(285) Leaders who show mercy, love, and establish friendships are taken advantage of and lose their power. It is important to be seen as a cruel and with an army to exemplify the strength and unity of your army; therefore, being seen as fearful and cruel on a greater and global level. A prince should not be worried about being considered cruel “for without reputation he will never keep an army united or prepared for any combat” (Machiavelli, 284); moreover, while this attains respect for him and he is now perceived as terrifying, he benefits greatly from acting inhumanly cruel. With cruelty comes major respect and nobody will question the prince or his decisions, instead he will be met with pure obedience and reach stability and harmony in society. Thus, a prince maintains his power through the act of mercilessness and is reciprocated with high esteem and fear from his citizens.
The negative characters really shaped the story, if there were no negatives and this was the perfect utopia they wanted to create then this would have never happened. The most enjoyful part of the play is that Arthur Miller wrote this because he could relate this to a real life situation with the red scare, kind of how society can relate to this today with some people accusing most of the Islam religion of being
Beowulf was stunningly brave, courageous and put his abilities in the service of others. However, he was too conceited and obsessed about his reputation. Macbeth was a brave warrior, but his Achilles heel, his ambition, turned him into a tyrant. Macduff loved his country and did his best to save it from a tyrant, but at the same time didn’t exercise good judgment in safeguarding his family. Rather than judging people and their actions purely in black and white terms, we should recognize that human beings are complex creatures and have lots of shades of gray.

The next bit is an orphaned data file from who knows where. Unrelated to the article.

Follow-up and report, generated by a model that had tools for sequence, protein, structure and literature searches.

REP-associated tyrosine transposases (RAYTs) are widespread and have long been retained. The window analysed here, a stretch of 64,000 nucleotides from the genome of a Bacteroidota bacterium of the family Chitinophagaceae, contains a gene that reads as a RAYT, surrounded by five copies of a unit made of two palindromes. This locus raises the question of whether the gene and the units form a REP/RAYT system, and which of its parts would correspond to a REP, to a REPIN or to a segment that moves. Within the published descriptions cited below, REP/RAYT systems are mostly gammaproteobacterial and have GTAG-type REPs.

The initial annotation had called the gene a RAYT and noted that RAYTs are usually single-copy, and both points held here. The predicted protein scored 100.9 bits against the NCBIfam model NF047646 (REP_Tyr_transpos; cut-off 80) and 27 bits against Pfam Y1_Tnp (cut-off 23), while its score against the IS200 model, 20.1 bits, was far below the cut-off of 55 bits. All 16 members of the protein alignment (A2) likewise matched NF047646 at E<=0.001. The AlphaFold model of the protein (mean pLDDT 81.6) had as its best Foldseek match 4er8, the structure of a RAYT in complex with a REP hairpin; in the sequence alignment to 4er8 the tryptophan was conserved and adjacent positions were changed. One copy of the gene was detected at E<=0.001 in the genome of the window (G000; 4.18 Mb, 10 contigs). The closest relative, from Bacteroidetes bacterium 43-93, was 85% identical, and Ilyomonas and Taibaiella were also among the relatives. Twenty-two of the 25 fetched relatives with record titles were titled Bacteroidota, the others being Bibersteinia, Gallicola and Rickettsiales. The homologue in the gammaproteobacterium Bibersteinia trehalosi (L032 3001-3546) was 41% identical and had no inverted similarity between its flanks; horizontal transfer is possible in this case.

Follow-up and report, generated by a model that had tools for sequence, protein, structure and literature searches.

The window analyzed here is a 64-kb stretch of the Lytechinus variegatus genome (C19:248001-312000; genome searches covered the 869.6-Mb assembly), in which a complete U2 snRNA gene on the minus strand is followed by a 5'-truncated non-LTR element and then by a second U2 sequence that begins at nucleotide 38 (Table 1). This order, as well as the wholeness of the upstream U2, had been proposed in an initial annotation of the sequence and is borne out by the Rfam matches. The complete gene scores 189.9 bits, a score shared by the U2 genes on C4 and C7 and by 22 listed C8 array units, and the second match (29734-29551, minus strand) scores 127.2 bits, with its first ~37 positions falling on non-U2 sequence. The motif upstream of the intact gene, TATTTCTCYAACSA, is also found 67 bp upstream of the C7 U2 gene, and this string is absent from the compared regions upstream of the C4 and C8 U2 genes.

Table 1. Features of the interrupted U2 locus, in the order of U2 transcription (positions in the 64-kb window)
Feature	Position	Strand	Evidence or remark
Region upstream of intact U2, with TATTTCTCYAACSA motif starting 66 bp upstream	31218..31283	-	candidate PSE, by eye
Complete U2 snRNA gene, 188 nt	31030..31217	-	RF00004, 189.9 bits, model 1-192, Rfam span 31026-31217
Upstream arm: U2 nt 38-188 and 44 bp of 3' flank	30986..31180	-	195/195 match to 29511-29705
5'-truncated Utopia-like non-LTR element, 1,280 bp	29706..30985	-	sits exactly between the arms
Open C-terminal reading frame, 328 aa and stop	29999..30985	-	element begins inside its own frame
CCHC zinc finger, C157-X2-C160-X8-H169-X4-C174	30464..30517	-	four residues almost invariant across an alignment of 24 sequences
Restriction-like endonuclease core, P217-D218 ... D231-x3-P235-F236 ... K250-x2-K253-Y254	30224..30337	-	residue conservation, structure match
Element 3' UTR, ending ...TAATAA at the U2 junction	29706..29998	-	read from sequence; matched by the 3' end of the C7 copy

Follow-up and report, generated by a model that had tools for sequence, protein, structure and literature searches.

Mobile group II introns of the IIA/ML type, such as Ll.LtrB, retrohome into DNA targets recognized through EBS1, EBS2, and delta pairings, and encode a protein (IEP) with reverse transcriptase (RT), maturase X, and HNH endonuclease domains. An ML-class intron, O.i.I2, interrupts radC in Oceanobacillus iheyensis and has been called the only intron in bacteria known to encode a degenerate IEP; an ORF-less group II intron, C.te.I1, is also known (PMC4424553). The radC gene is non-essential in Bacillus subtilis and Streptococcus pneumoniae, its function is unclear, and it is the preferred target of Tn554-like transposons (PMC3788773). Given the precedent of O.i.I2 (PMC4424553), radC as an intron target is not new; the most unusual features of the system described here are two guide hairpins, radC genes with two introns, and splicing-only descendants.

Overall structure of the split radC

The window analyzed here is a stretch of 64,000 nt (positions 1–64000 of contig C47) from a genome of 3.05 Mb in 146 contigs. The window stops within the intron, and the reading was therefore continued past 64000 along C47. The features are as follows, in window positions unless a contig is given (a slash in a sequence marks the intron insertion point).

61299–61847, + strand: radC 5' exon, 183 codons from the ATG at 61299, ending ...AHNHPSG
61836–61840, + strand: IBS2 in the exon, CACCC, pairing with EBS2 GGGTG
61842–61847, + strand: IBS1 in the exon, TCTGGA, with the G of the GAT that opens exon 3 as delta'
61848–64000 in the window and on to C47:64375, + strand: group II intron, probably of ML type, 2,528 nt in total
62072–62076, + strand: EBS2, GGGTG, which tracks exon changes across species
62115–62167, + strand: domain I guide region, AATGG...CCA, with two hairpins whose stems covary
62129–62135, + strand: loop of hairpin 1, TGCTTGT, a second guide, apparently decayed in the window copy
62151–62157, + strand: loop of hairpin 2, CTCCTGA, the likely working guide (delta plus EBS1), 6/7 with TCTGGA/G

The reader sees that the characters personality, actions, and diction justify the significant theme good vs. evil. Both Lady Macbeth and Macbeth displayed traits of evil and corruption by wanting power and wanting to get rid of King Duncan and others that were a threat. In contrast, Macduff showed readers that he wanted what was best for his country and refused to let Macbeth destroy his homeland. After reading The Tragedy of Macbeth, one can see that everyone is not what they seem because even the “brightest angel fell from
Yancey says that “power can force obedience, only love can summon a response of love” (44). This line reminds me of a ruler and his subjects. How can a ruler make his people do the things he wants? A ruler can be ruthless, making his people afraid of him, therefore they will do anything the ruler says out of fear. A ruler can also be kind and caring toward his people, gaining the love and respect out of his subjects, therefore the ruler’s people will do the things he wants out of love and kindness.